Quantification on the source/receptor relationship of primary pollutants and secondary aerosols by a Gaussian plume trajectory model: Part III—Asian dust-storm periods by B.-J. Tsuang; C.-T. Lee; M.-T. Cheng; N.-H. Lin; Y.-C. Lin; C.-L. Chen; C.-M. Peng; P.-H. Kuo (4007-4017).
Characteristics of pollutants at heights in the top of the Planetary Boundary Layer (PBL) are collected and used in a local-scale model. A subsidence mechanism is developed to quantify the concentration fraction from the top PBL to simulate PM concentration during Asian dust-storm (ADS) periods. The results show that using the data measured at a mountain station, which is very vulnerable to ADS, as the top boundary conditions for the air quality model can capture all the PM2.5 episodes due to local sources and ADS events, at a low-altitude urban station. The correlation coefficient (r 2) of daily PM2.5−10 concentration has increased from 0.17 to 0.62 by incorporating the subsidence mechanism, and that of PM2.5 increases as well. The model results of nitrate, sulfate and ammonium aerosol in fine radii can be compared with observations. According to our analysis, five out of eight PM2.5 or PM10 episode days occurred on ADS days in the past 4 years (1999–2002). During ADS episodes in 2000, 12% of PM2.5 and 53% of PM2.5−10 were from ADS dust. In addition, two dry deposition algorithms are evaluated; the algorithm of Seinfeld and Pandis (Atmospheric Chemistry and Physics from Air Pollution to Climate Change, Wiley, New York, 1998, 1057pp.) is suggested in this case study.
Keywords: Yellow sand; Kosa; Subsidence; Atmospheric aerosol; Chemical characterization; Gaussian plume;
Aircraft and surface observations of air quality in Puget Sound and a comparison to a regional model by Julie A Snow; James B Dennison; Daniel A Jaffe; Heather U Price; Joseph K Vaughan; Brian Lamb (4019-4032).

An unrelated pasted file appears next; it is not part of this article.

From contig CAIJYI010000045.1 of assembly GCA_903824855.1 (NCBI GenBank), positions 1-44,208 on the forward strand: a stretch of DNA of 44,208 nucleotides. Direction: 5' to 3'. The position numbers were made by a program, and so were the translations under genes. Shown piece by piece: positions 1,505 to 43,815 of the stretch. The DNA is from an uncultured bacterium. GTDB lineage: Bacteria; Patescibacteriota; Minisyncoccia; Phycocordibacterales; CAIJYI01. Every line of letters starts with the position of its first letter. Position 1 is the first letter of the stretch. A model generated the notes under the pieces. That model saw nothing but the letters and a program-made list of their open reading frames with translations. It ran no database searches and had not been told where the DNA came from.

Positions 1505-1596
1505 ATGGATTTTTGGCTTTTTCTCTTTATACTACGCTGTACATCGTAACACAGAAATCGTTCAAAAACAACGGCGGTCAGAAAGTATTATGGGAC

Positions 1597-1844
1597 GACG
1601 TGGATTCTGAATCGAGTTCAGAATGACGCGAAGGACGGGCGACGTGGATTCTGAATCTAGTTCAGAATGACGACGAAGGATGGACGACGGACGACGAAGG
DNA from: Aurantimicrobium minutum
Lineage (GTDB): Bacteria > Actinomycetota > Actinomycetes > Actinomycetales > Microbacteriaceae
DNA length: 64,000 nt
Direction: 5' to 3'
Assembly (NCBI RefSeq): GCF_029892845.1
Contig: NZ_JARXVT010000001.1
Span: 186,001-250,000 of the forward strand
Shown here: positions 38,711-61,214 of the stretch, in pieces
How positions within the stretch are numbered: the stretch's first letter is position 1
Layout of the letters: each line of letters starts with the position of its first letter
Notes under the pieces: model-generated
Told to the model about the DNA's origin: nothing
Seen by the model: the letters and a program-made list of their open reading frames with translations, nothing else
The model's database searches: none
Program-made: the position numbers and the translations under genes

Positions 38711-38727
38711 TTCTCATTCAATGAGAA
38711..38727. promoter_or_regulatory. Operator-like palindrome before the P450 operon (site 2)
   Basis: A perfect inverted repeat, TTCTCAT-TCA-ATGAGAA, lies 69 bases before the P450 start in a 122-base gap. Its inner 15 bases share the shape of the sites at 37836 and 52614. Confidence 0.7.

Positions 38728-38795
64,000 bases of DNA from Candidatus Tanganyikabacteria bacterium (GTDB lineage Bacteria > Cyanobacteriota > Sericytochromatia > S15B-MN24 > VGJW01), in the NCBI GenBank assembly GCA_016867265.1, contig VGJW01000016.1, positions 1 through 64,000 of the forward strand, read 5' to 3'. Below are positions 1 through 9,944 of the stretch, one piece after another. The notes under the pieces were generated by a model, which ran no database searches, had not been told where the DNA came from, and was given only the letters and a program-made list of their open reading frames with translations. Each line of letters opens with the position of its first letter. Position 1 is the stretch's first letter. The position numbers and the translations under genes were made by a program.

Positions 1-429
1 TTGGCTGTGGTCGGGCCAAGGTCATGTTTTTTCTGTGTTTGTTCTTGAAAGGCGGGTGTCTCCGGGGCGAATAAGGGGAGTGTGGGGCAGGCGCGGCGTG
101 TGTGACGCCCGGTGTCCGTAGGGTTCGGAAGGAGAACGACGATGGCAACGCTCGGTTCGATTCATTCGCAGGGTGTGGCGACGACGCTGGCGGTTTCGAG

Three research flights were conducted during August 2001 as part of the PNW2001 field study in the Puget Sound region. Each flight presented a case study of unique sources, meteorological conditions, and spatial distributions of pollutants. On 10 August, an urban smog episode was sampled downwind of the Puget Sound Seattle–Vancouver corridor containing high mixing ratios of O3 (∼80 ppbv) and high aerosol scattering coefficients (σ sp) (∼35 M m−1). The ozone and σ sp measured during this flight were typical of summer pollution events in the Puget Sound region. The AIRPACT forecast model (MM5–CALMET-CALGRID) showed variable results when compared to surface measurements. In addition, predicted surface O3 maxima were several hours too early and fell off sharply relative to observations. AIRPACT generally under-predicted upper-level O3 concentrations and misplaced the observed O3 maxima. On 16 August, a second pollution region was encountered in a broad layer between 2 and 4.5 km above a well-defined temperature inversion. Meteorological analysis and satellite imagery suggest the high O3 mixing ratios (60 ppbv) and very high σ sp (80 M m−1) were from fires burning in Washington, Oregon, and Northern California. IMPROVE aerosol chemistry data from sites in the Cascade Mountains showed evidence of biomass burning emissions reaching the surface 2 days prior to this flight. The last flight, on 20 August, sampled slightly polluted background conditions in the region. Ozone levels reached only 30 ppbv and σ sp reached 20 M m−1 at the surface, but was much lower aloft. Therefore, this flight was representative of background conditions during the summer in this region. The results from these research flights provide evidence of enhanced O3 and σ sp, extending to 4 km altitude over Puget Sound, during the summer months from varying sources. They further demonstrate the current capability of the AIRPACT O3 forecast system and, in one case, illustrate the need to include biomass-burning emissions in the model forecasts.
Keywords: Ozone; O3; Aerosols; Biomass burning; Urban pollution; Air quality; Regional model; AIRPACT; Atmospheric chemistry; Pacific Northwest; PNW2001;
New Directions: Atmospheric Brown “Clouds” by V. Ramanathan; P.J. Crutzen (4033-4035).